Carbon credits: towards net zero or zero credibility?
illuminem summarizes for you the essential news of the day. Read the full piece on The Guardian or enjoy below
🗞️ Driving the news: Recent reports have highlighted the problems with "phantom credits" in carbon offset schemes, questioning their value and contribution to the fight against global warming
• Critics argue that carbon offset projects based on avoided deforestation are flawed, as they only maintain existing carbon stock capacity in forests without adding to it
🔭 The context: Carbon offset projects, aiming to neutralize carbon emissions by funding corresponding CO2 reductions elsewhere, face scrutiny over the legitimacy and efficacy of their resulting "credits"
• The critique centres on "avoided deforestation" projects, which financially motivate forest owners and nations to curb their deforestation practices
🌎 Why does it matter for the planet: While well-implemented carbon offsetting can support global net-zero emission goals, critics argue current practices lead to unfounded net-zero emission claims
• They warn that the problem of phantom credits and ineffectual offset schemes could weaken climate action and distract from authentic emission reduction efforts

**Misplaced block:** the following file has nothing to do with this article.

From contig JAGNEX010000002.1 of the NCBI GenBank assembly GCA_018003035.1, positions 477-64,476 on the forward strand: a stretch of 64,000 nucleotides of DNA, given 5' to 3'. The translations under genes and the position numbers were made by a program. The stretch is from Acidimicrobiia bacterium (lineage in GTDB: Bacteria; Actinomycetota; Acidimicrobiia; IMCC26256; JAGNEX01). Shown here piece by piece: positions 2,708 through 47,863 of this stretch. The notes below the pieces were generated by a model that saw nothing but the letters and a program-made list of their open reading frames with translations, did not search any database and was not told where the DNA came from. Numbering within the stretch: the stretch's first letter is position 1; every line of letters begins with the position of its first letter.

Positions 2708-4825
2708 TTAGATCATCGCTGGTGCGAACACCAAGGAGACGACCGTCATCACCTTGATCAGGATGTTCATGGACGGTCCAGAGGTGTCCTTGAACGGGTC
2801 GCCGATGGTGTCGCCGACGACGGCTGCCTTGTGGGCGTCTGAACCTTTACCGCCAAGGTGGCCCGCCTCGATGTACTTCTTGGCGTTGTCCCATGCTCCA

⏭️ What's next: Biocredits, units of biodiversity that can be traded and sold, are emerging as an alternative to carbon credits
• However, they must circumvent issues experienced by carbon credit and offset markets
• Various entities, including the United Nations, are working on standard methodologies to quantify a unit of biodiversity
💬 One quote: "The carbon offset market is not a case of net-zero emissions but of zero credibility." (David Humphreys, Professor of environmental policy atOpen University)
📈 One stat: As per the criticism, more than 90% of rainforest carbon offsets provided by the biggest provider are deemed worthless
Click for more news covering the latest on carbon